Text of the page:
Yes, siblings fight. So do ice-dancing partners. But having Mom and Dad around is a pretty good deterrent to even considering the nuclear option.
“Other partners can just kind of storm off and go off in different directions,” said Rachel, a senior at Magruder High. “But we're coming home in the same car, so we've got to work stuff out before we get home.”
Carpenter, 20, and McNamara, 17, are not brother and sister, but only because science says so. They have worked together since Carpenter was 9 and McNamara was 6. Both have spent more than half their lives in the rink at the other's side, a span without peer at the junior level. “I've always thought Quinn and my relationship is like a brother-sister relationship,” McNamara said.
As with the Parsons, so many things that have could gone wrong for them have not. They still get along famously. Their passion for the sport has not waned. They live nearby and practice regularly (Carpenter commutes from Silver Spring to Montgomery College, and McNamara is a junior at Connelly School of the Holy Child in Potomac). Puberty did not throw off their “proportions,” as Carpenter called them: They each grew enough in adolescence that their on-ice presentation remained, well, presentable.
“Once a team is together for a long time, of course, that [familiarity] kind of falls into the background versus technique,” Carpenter said, “because the more you skate with someone, the more you learn how each other moves.”
They have known each other — have known the Parsons, too — as long as they have known the Wheaton Ice Skating Academy. It's only by coincidence that the foursome's storybook rise found a program with ties to the Walt Disney Co. Before founding WISA in 2003, Kiliakov and his wife, Elena Novak, spent four years in the cast of Disney on Ice's “The Little Mermaid.”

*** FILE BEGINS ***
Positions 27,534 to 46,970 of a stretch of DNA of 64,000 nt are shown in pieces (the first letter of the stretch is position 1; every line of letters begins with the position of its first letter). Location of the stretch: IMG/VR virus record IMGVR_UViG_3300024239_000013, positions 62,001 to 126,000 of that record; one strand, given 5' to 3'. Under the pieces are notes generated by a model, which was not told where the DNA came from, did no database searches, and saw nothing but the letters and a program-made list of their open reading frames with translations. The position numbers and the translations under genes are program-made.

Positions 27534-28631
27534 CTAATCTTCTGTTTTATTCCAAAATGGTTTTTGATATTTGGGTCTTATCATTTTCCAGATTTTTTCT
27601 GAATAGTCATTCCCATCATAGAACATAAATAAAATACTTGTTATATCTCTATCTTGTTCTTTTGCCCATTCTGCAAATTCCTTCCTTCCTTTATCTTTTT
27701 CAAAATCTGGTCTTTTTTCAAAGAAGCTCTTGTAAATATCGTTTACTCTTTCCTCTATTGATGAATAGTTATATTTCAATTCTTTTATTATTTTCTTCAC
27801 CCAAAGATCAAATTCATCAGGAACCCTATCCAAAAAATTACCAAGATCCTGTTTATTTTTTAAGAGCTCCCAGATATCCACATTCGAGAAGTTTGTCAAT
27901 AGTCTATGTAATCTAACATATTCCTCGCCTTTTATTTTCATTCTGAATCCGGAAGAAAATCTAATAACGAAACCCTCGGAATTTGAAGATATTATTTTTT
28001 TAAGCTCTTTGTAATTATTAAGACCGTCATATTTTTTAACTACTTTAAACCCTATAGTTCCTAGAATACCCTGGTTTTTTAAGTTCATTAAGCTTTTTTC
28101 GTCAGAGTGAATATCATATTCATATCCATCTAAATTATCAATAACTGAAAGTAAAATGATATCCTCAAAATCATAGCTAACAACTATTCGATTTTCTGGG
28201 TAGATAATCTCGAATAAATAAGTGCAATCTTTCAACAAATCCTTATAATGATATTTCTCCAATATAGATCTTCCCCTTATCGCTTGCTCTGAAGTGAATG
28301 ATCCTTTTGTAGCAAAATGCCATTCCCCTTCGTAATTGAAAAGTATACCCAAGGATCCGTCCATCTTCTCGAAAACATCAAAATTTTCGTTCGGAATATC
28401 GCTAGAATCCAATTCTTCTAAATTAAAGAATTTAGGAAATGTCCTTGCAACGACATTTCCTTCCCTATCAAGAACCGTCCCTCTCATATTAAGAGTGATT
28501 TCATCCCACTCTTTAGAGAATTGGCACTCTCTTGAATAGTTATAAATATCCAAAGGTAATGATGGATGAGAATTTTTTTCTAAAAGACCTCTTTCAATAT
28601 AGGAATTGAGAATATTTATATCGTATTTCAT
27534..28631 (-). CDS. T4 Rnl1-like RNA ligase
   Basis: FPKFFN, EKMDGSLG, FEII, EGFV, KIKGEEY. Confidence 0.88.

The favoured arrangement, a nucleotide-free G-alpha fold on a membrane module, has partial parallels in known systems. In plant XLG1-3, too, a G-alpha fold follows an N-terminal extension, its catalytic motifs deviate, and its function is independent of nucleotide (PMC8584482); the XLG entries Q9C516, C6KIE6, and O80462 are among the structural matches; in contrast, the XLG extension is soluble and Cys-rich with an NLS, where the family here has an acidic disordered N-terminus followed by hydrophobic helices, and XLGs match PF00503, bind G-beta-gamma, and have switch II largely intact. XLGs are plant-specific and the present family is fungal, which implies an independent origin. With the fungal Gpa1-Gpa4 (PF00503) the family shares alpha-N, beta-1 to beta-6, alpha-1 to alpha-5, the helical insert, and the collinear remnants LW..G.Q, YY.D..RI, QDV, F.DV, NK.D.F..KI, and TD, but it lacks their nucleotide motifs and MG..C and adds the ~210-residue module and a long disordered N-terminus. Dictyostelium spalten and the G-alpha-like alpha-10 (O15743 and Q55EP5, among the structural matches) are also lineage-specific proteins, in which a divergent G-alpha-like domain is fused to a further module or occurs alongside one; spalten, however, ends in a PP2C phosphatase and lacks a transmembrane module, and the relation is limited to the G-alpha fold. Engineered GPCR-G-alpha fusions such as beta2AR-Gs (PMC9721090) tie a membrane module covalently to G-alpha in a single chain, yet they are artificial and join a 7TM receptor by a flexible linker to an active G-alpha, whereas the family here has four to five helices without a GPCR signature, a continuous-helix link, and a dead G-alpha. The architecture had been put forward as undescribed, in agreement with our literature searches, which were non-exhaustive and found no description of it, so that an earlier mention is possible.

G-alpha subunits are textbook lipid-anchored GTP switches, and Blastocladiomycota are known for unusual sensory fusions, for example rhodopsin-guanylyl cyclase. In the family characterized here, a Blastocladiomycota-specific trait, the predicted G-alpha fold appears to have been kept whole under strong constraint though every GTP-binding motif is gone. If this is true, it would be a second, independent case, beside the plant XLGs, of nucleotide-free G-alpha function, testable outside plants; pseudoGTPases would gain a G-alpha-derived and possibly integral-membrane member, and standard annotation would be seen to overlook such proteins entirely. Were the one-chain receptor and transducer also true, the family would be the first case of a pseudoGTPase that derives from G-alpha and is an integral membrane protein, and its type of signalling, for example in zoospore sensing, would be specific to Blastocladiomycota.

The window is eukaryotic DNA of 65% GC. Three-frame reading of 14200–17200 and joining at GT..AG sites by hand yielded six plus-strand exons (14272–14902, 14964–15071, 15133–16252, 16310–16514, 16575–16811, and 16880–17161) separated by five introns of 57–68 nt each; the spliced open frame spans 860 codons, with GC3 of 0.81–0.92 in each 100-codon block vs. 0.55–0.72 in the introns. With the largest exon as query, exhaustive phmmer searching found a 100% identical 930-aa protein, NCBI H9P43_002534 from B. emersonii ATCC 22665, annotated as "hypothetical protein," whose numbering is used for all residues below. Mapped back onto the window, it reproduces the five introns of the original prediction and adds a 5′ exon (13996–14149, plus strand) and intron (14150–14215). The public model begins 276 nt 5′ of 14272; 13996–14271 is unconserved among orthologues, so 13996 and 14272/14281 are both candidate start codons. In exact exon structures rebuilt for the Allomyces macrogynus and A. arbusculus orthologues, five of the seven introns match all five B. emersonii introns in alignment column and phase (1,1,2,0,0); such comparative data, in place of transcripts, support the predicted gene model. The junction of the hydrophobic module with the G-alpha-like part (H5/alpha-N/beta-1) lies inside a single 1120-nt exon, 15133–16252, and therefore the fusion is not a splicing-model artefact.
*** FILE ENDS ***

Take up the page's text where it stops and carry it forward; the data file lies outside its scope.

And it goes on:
The former Russian champion skaters did not set out to develop world-class skaters, Kiliakov said. They simply taught what they loved, and in Maryland found younger versions of themselves, eager to follow the path they first had skated down.
“We've grown up with them like we've grown up with Quinn and Lorraine,” Rachel Parsons said of Kiliakov, Novak and Ukrainian coach Dmytri Ilin. “I see them kind of as a second set of parents.”
They have nurtured two pairs as composed on the ice as close off it. The group hangs out during their spare moments. They'll go to the movies. Or Rachel Parsons and McNamara will go shopping. Or Michael Parsons and Carpenter will chat about cars and music.
They have thought about what it would mean to go to the Olympics together, the four of them. It is a chance that might depend on their mutual support. In practice, their coaches have asked them to critique the other pair's footwork. Sometimes they'll swap partners to see who's getting what wrong, and where.
Michael Parsons likened it to “copy-paste.” See something better in another pair's performance? Learn from it and apply it to your own. Even in competition, that's what friends are for.
“The four of us have grown up together,” Rachel said. “I don't remember a time at skating when we didn't have them also at skating. We've kind of become really good friends and really, I think … ”
Michael, sitting next to her, completed the thought: “Family.”